The programmes I have supported through the programme design process, have all attained approval from NZQA. These include reviewed degrees in Computing, Midwifery, a brand new Master in Sustainable Practice qualification and reworked Level 5 and new level 6 diploma in Interior design. Added to these have been ongoing support of the Construction Management degree and the development for a Post Graduate qualification in Building Information Modelling (BIM) which will be going to NZQA early next year.

The National project funded by Ako Aotearoa on e-assessmentsfor learning has officially ended. The report has been peer reviewed and should be up on the Ako Aotearoa website next year.

Publications have been less this year due to the work in completing the large e-assessment project. There have been 2 book chapters – one on work integrated learning in the book –Integration of VocationalEducation and Training Experiences: Technical and Vocational Education and Trainining: Issues, concerns and prospects, published by Springer.

The other, a chapter on perspectives of beginning trades tutors on teaching and learning in the book – Teaching and Learning forOccupational Practice: A Multi-Disciplinary and Multi-level Perspective – published by Routledge.

Apart from presenting at the Ako Aotearoa projects in progress colloquium, there have been presentations on the findings and outcomes of the e-assessment project at two Australian conferences (AVETRA and NZVET and NCVER nofrills) and at the Ako Aoteroa Academy Talking Teaching conference.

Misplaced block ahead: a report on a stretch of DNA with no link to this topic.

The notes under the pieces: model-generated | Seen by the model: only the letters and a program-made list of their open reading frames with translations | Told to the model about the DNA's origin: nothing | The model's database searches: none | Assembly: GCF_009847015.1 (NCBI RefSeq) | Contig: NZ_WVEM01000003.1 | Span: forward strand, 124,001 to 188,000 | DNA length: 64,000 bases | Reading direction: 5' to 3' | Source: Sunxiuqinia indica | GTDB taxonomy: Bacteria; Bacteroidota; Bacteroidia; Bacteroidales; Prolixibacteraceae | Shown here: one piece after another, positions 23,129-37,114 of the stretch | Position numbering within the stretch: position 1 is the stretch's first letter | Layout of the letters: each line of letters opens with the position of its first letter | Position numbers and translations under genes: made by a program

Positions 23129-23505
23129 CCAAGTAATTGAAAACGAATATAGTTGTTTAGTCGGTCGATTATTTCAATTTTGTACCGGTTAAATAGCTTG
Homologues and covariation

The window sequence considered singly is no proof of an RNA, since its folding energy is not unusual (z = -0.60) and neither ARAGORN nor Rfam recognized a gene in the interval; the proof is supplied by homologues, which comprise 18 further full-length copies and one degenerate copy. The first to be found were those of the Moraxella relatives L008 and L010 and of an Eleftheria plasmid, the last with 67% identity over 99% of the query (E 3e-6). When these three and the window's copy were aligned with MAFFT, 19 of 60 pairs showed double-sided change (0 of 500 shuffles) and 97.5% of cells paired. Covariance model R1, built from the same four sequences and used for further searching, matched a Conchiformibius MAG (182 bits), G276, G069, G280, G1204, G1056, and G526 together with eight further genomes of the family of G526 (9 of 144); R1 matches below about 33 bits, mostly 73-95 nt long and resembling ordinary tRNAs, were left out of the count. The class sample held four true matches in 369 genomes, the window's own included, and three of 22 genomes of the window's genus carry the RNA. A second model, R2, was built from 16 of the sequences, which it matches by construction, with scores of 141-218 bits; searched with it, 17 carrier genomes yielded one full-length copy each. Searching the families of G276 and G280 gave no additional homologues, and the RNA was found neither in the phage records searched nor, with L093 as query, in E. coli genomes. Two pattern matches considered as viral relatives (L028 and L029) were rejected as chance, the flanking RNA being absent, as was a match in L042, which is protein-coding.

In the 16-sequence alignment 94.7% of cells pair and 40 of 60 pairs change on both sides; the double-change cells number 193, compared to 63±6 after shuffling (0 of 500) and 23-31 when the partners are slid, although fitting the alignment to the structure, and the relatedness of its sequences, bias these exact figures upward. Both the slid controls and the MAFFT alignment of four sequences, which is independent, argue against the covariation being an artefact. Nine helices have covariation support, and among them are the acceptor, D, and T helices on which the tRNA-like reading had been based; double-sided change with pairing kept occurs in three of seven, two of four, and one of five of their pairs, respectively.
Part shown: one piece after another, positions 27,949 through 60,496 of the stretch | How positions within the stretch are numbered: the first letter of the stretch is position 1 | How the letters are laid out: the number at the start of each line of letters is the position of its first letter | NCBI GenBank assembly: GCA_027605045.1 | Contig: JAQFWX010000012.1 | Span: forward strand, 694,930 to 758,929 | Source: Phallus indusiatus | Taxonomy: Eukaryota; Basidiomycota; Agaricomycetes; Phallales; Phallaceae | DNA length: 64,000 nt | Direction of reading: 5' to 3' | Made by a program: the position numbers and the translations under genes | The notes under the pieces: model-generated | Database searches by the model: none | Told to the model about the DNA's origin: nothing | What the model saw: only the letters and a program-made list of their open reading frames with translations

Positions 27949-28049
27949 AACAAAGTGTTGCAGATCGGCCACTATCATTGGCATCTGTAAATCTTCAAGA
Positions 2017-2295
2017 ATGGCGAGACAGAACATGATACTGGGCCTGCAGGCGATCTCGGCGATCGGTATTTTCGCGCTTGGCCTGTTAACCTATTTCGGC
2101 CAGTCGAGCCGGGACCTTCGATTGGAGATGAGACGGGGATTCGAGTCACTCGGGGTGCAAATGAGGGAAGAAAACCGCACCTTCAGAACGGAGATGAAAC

I look forward to another busy year next year.

Monday, December 10, 2018

Npj Science of Learning Journal - article - Learning Strategies: a synthesis and conceptual model

As a follow up from last week's post, here is an article from the journal npj Science of learning, written by Professor John Hattie and Gregory Donoghue on Learning strategies: Synthesis and conceptual model. 

The journal is open access, so all articles are available for download online.The above article is in the first volume and issue (2016), setting the scene for future article from the journal which have a focus on applying the evidence from neuroscience, to practice in teaching and learning.

Back to the article which proposes a model of learning that is made up of various learning strategies at identified stages in the learning process. The model assumes three inputs or outcomes - skill, will and thrill; and three phases of learning as being surface, deep and transfer. As with all of Hattie's work, the model is based on meta-anaylsis of 228 students to identify effective strategies for learning.

The skill that learner's bring to learning is their prior learning / experiences. The will refers to learner 'habits of mind' and their willingness / resilience and persistence. Motivation is the factor the contributing  to the thrill whereby the learner is engaged with learning. As learning proceeds, learning progresses from surface to deep to transfer.

The authors advocate for learning how to learn to be embedded or integrated into all aspects of learner experiences. Divorcing the 'skills' of learning to learn and teaching these separately, dilutes the effectiveness. As humans, we always learning better when learning occurs in context. Situated learning occurs because of what the learner brings into the experience. It is more likely that skills, will and thrills are effective when learners are able to make the connections for learning when learning occurs within context. Vocational education has a major advantage in that most of the skills, knowledge and attributes learnt across vocational education is achieved within context. The challenge is to deepen learning for learners through assisting them to apply learning to learn skills which are relevant to their learning context.

Tuesday, December 04, 2018

Higher Education Learning Framework - report from Science of Learning research centre - Australia

Here is a report which is relevant to all forms of learning and should be required reading for all teachers. The report is put together by researchers from the Science of Learning research centre (SLRC) who are based at the University of Queensland and the University of Melbourne.